“Many times, parents are caught off guard and don’t realize their child is behind,” Hewitt said. “If you are not reading by the time you leave third grade, you are destined for a lifetime of challenges. We don’t teach reading in the fourth grade, we’re assuming you know how to read and now you’re reading for comprehension to learn science and social study. We’re doing a huge disservice to our readers by not getting them reading long before the third grade.”
Hewitt said in the upcoming legislation, she plans to take on the math challenges students face.
“Our students are not where they should be performing on math skills, either, because we’ve gotten away from the basics,” she said. “We’re not teaching the basic addition and multiplication facts, for example. I think it’s time for us to take education and say, ‘We’ve had enough. We can’t just keep tweaking around the edges. We have to be completely committed to getting our kids where they need to be so they can compete in a global economy.’ ”
Hewitt, who earned a mechanical engineering degree from LSU and went on to become one of the first female executives in a major oil and gas company, said no one will be a stronger advocate for oil and gas jobs in Louisiana than her.
Before becoming a legislator, Hewitt took charge of Shell’s central deepwater assets situated in the Gulf of Mexico, a division of more than 160 employees with a budget in excess of a quarter of a billion dollars a year. In that position, she said she oversaw roughly 10 percent of the oil production in the United States and was trusted with managing billions of dollars in assets.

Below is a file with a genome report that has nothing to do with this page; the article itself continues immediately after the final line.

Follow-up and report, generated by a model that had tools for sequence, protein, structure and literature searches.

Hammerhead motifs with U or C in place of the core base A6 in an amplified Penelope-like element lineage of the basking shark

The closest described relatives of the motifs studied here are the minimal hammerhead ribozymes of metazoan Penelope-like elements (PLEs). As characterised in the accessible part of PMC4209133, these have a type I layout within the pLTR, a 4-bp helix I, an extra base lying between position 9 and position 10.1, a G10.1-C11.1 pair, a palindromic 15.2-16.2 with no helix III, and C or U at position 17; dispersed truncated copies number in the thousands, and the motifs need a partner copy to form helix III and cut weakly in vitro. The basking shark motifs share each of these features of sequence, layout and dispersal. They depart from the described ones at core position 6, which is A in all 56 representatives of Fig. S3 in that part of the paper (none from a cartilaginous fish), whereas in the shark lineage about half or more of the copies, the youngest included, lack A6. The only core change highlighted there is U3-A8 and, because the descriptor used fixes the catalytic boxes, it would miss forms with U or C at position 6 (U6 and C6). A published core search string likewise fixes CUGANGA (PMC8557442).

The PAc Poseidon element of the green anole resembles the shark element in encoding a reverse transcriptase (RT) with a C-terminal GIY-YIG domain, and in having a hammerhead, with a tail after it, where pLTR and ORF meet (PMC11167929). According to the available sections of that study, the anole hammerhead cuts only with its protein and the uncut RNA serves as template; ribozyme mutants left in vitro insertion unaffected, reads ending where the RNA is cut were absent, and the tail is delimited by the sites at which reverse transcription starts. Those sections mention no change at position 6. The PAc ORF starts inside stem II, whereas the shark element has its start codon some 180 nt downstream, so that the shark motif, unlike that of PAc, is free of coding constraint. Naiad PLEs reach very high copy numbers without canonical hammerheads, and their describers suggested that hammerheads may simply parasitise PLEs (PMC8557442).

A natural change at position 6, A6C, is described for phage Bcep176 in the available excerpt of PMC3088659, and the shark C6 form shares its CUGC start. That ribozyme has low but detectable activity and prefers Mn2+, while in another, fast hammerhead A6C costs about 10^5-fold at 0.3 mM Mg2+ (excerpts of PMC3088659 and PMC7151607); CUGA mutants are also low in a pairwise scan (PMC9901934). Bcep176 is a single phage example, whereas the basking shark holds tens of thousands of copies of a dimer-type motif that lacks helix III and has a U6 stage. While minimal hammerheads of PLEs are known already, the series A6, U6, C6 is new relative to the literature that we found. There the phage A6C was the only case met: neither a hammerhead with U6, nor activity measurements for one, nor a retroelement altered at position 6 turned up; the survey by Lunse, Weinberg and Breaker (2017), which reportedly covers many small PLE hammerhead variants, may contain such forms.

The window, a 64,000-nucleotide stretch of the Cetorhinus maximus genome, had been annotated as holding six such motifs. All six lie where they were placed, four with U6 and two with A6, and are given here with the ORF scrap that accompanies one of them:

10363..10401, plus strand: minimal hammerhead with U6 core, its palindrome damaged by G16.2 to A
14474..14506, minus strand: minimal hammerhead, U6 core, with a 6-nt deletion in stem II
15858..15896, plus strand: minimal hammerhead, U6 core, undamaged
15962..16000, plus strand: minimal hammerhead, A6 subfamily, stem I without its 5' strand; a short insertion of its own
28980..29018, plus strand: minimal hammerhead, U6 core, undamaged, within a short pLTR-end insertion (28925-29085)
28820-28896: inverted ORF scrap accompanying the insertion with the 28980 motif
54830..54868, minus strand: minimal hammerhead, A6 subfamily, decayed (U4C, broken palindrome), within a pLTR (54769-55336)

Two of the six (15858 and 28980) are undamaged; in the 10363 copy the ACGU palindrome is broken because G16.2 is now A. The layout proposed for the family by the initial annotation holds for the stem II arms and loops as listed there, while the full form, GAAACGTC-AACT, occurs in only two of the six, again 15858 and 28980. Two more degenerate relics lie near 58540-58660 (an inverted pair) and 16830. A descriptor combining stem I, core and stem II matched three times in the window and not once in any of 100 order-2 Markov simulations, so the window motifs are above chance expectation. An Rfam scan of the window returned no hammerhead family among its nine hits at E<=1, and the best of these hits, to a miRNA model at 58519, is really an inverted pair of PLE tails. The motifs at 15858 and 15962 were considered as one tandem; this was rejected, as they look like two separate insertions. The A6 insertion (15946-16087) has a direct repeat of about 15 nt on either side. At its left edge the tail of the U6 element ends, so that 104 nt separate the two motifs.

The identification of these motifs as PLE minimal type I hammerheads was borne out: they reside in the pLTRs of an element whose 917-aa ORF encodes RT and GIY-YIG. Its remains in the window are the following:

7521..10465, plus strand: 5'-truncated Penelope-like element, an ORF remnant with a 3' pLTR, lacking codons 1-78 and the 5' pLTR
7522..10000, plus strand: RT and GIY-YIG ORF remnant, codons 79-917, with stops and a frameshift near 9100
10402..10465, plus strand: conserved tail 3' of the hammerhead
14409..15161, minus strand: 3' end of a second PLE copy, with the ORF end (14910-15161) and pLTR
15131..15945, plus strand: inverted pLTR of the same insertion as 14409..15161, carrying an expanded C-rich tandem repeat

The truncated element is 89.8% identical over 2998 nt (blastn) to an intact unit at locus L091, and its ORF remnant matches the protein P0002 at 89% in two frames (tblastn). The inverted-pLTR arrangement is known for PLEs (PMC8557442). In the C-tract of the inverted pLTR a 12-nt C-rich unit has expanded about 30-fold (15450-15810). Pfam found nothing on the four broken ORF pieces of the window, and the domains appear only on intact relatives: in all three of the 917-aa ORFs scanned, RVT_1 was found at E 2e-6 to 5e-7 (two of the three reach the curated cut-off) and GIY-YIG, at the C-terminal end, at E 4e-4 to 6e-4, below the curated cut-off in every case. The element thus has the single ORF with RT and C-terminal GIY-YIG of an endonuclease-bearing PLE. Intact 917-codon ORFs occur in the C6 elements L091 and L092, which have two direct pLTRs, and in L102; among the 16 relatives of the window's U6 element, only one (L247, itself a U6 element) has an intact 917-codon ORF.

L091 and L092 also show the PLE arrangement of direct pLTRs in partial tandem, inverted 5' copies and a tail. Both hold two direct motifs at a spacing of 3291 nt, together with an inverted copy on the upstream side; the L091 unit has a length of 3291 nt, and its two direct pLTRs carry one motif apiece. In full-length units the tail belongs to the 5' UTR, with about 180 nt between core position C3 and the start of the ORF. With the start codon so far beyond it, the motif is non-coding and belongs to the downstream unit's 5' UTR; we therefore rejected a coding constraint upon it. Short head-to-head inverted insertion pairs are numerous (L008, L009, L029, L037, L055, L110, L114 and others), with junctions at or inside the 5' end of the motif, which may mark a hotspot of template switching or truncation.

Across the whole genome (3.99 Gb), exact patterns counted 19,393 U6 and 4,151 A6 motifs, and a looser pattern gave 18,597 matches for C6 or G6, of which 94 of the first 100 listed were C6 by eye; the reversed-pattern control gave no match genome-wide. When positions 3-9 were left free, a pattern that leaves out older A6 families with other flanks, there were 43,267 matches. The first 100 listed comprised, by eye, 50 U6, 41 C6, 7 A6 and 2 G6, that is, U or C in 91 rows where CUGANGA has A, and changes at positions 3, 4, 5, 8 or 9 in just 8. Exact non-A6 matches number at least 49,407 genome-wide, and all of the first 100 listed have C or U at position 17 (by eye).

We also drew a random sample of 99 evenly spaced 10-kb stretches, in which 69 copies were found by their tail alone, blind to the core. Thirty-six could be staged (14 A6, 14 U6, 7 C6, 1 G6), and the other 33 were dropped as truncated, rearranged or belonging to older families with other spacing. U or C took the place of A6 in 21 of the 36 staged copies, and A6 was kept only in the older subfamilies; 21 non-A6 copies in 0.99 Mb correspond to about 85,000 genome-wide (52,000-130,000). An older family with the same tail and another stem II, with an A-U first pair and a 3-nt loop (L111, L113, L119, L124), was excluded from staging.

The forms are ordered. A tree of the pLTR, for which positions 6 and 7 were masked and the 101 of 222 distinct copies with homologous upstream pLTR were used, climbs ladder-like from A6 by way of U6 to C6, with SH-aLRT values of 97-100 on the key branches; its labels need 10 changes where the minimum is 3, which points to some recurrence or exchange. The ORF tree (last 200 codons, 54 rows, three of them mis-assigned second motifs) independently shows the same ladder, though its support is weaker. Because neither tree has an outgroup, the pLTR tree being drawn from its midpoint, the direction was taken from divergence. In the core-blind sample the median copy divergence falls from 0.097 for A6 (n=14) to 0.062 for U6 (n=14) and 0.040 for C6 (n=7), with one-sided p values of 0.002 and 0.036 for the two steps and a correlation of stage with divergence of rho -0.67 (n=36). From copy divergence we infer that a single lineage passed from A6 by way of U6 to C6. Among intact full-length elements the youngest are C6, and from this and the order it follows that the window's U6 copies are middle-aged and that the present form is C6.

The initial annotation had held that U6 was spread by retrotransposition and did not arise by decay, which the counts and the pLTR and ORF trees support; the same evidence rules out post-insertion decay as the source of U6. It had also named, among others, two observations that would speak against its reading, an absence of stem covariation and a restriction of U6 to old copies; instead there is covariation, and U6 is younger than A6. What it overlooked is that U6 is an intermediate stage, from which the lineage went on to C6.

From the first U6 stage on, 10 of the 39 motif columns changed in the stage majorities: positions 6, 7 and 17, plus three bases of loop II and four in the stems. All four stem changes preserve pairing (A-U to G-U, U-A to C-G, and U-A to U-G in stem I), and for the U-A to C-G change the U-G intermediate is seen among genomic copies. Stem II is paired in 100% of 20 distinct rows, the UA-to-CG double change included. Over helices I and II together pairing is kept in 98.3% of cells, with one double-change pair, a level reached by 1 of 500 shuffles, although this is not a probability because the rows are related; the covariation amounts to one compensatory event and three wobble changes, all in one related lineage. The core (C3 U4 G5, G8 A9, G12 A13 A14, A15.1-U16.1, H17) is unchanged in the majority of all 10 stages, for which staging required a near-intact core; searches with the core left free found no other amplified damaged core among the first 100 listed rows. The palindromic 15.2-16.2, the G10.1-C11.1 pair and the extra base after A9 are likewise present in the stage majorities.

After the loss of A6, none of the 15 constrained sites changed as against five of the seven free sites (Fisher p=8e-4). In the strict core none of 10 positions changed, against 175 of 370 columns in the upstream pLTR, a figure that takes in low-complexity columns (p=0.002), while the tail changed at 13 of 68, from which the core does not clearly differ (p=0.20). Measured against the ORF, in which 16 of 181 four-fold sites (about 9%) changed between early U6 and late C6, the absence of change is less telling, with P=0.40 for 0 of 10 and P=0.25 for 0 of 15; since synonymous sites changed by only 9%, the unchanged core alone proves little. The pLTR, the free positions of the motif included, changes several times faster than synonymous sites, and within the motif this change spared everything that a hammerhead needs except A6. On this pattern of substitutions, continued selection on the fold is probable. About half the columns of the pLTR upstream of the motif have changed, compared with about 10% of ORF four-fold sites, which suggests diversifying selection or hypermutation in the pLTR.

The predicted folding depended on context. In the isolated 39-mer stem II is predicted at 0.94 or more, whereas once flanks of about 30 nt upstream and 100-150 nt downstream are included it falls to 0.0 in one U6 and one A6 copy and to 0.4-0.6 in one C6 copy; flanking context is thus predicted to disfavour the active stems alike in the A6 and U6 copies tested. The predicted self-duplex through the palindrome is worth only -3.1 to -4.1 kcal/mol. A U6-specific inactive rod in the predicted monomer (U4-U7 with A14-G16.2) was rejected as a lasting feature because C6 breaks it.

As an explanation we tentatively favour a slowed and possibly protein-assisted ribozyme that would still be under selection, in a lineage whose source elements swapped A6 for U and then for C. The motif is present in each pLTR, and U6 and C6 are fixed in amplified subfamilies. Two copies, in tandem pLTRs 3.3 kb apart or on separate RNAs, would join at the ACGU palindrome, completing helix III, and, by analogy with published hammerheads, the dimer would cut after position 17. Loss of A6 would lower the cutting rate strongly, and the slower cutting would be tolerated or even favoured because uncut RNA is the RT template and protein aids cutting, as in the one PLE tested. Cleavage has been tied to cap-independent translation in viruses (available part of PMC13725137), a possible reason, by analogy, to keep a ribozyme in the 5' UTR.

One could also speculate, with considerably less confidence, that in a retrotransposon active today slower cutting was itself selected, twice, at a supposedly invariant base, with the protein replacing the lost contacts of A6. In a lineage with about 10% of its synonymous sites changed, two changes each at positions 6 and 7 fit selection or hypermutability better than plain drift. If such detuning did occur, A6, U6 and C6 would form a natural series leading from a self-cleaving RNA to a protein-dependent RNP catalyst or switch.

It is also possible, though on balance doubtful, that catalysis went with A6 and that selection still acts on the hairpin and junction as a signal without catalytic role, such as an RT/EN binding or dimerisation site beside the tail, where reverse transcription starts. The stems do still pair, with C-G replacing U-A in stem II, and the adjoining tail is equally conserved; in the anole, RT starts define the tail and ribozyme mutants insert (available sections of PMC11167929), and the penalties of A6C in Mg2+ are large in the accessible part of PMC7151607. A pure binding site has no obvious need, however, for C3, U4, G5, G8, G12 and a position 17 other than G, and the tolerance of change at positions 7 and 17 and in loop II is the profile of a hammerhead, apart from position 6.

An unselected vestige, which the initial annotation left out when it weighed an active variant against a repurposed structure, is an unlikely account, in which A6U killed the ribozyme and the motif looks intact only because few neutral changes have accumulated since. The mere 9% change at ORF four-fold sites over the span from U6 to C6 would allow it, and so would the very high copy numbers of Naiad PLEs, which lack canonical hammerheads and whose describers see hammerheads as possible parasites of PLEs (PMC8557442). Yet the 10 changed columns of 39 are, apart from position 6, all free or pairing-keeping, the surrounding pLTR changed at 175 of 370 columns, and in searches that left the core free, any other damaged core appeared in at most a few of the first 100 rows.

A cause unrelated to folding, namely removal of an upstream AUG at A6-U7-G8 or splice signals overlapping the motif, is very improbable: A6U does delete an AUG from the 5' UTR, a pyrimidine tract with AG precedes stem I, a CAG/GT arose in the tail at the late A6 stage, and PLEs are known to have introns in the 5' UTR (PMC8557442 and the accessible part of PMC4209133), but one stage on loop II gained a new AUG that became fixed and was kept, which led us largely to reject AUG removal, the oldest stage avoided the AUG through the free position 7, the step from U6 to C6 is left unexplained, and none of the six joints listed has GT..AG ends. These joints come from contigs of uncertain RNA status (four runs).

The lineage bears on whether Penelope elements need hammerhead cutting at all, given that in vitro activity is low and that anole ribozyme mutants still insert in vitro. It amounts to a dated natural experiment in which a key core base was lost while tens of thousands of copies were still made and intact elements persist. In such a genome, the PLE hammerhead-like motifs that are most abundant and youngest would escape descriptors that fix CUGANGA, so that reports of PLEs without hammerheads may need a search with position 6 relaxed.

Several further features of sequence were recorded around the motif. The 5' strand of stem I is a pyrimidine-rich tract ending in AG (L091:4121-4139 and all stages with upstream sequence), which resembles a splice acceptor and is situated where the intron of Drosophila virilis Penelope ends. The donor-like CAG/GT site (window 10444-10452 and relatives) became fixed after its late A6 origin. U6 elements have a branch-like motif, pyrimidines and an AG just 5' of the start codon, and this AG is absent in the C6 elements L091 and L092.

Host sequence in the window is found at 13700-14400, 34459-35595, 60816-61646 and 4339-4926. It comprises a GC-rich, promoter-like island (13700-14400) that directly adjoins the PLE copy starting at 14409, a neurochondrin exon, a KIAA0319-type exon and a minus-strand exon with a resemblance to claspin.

“Shell was the No. 1 company on the Fortune 500 list when I was there,” she said. “I say that because I learned my leadership skills with some of the best leaders in the world. I learned ‘The 7 Habits of Highly Effective People’ from Stephen Covey himself. Not only was I given great opportunities for formal leadership training but also through the job that I was given and the opportunities that I had there. I started out as all new young engineers do on a drilling rig for a year. There weren’t women offshore. There were unique challenges because many people did not think that women belonged in the oil industry. Fast forward 20 years and I was managing Shell’s central deepwater Gulf of Mexico business.”
Hewitt said her background makes her the best person to help Louisiana navigate and open its doors to other energy businesses.
“There’s tremendous interest in our state, certainly in LNG,” she said. “I’ve done a lot to help fund some of the research required for other energy businesses in our four-year institutions so that Louisiana will be well-positioned to be an energy leader in all aspects of energy. Oil and gas is not going away and I’m going to stand up for Louisiana in fighting those bad policies coming from the federal government that will hurt Louisiana and will hurt jobs. There’s nothing more important to our state than being energy independent and not dependent on those countries that are bad actors or not friends of the United States and no one can do that like the state of Louisiana.”